But after six months of the brutal war the Biden administration has had little success in its attempts to steer Israeli policy regarding Gaza. This has led to severe criticism of Israel as the death toll increased and as it refuses to engage in meaningful talks with Hamas to bring the war to a conclusion. As a result the White House released information to let it be known that it was reviewing the possibility of slowing down weapons deliveries to Israel, in order to force it to comply with American demands.[3] The White House formally told Israel that it would only continue to supply weapons if the Israelis gave a written assurance they would abide by international law when using the weapons, and allow humanitarian aid into Gaza.[4] The Biden administration gave Israel until mid-March to sign this letter. On the 14th of March 2024, senior democratic leader and one of America’s top legislators, Chuck Schumer called for regime change in Israel and for Netanyahu to go. This was the most open attacks upon Israel by one of America’s most senior politicians.[5]

after six months of the brutal war the Biden administration has had little success in its attempts to steer Israeli policy regarding Gaza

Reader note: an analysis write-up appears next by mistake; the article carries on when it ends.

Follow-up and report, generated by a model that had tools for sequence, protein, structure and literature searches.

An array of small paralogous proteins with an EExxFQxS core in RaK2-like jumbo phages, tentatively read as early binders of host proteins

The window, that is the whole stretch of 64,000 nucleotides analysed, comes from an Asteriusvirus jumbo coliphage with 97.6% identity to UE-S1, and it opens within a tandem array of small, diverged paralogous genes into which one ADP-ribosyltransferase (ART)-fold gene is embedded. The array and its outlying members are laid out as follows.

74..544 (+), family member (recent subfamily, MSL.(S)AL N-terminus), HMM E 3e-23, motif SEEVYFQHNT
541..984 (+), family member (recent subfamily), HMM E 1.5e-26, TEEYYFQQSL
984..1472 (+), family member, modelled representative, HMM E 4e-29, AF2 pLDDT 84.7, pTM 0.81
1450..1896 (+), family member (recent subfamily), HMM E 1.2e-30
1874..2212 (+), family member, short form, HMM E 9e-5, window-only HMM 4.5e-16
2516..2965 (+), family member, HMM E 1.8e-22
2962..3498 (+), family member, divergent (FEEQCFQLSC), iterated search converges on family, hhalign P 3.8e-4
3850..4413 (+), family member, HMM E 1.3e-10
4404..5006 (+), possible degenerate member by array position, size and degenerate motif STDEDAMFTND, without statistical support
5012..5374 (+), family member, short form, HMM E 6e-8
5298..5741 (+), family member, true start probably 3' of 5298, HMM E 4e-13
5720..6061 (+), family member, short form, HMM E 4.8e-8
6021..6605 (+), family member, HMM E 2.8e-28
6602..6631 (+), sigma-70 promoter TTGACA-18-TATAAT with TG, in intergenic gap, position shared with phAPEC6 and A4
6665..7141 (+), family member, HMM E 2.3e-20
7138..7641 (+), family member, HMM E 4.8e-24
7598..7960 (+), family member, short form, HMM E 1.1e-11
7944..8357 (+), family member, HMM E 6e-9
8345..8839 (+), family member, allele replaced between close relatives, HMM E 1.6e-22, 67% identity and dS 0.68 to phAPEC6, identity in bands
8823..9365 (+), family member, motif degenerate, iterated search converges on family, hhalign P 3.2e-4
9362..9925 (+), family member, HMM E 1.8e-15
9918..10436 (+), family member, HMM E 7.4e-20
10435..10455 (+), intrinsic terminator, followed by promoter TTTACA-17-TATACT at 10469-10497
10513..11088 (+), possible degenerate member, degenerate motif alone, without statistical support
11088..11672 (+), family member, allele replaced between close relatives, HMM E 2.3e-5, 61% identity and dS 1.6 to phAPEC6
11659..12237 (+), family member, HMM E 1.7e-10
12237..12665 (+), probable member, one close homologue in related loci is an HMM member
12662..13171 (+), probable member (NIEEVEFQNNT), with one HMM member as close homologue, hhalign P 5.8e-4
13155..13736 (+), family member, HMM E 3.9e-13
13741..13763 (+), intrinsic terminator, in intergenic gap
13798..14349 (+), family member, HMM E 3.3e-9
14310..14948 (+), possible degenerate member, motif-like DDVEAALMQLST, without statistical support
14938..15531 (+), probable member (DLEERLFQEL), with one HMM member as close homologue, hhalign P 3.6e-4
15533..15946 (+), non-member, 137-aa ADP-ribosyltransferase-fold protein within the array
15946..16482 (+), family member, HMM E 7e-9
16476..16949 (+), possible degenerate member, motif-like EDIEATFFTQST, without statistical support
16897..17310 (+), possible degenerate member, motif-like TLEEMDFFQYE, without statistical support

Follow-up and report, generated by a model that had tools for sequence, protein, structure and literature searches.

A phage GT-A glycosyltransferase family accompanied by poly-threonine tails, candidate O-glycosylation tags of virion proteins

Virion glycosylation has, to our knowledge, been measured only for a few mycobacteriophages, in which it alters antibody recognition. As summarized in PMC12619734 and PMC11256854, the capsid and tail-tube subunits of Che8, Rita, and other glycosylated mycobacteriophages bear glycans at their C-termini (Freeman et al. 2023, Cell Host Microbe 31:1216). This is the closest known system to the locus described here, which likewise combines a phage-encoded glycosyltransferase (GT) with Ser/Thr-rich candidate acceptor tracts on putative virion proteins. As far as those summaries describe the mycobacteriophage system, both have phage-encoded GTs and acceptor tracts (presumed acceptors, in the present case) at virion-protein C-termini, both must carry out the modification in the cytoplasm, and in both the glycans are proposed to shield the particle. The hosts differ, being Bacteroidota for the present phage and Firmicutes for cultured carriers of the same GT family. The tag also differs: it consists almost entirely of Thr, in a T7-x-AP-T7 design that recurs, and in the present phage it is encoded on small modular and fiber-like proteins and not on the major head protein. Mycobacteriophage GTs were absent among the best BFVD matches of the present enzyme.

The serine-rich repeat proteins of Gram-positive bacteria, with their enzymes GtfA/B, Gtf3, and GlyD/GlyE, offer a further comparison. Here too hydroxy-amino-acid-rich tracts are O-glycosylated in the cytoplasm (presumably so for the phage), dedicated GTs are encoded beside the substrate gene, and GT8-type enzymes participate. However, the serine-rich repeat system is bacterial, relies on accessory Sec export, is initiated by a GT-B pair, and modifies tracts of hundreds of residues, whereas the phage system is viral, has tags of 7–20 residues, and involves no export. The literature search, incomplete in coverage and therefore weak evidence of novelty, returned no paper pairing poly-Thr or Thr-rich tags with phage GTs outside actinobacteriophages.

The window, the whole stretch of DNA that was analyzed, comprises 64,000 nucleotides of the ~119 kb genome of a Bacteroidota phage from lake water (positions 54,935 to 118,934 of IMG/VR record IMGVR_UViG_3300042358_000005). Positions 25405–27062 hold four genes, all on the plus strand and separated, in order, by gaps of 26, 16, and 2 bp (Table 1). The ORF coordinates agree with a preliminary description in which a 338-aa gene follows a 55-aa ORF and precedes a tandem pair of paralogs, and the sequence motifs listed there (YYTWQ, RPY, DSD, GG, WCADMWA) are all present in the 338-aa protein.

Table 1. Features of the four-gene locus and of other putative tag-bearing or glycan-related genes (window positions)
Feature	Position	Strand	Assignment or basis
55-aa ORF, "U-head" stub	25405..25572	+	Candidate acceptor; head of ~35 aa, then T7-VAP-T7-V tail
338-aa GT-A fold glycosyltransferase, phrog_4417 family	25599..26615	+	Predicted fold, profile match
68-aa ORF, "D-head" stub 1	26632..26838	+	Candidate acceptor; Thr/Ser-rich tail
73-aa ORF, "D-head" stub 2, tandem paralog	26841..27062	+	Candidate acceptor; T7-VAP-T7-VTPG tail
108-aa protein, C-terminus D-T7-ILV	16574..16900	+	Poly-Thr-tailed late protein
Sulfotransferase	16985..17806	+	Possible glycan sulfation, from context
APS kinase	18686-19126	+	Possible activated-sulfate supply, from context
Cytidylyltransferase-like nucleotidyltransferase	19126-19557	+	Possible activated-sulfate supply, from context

The Israeli strike on Iran’s consulate in Damascus on the 1st of April came in the context of growing American pressure against the Israeli government to get in line with US demands. Consulates are considered diplomatic buildings and therefore off-limits. What the Netanyahu government was attempting was to draw the US into supporting Israel as Iran would have to respond to this brazen attack. Israel’s act of expanding the war from Gaza to the wider region would force the Biden administration to defend and arm Israel, if Iran responded with a strike. The attack by Israel was a cynical ploy to force the hand of the White House, when pressure was increasing on Israel. Pentagon spokesperson Sabrina Singh said Israel provided no advance warning of the strike on the Iranian mission in the Syrian capital. “We were not notified by the Israelis about their strike or the intended target of their strike in Damascus,” Singh told a briefing, adding that Iran had been privately told the US was not behind the strike.[6] The US doesn’t directly communicate with Iran as they do not have diplomatic relations. Messages are usually passed via the Swiss embassy officials or via other world leaders. The fact this message was passed directly to Iran was unprecedented and, in some ways, hung Israel out to dry.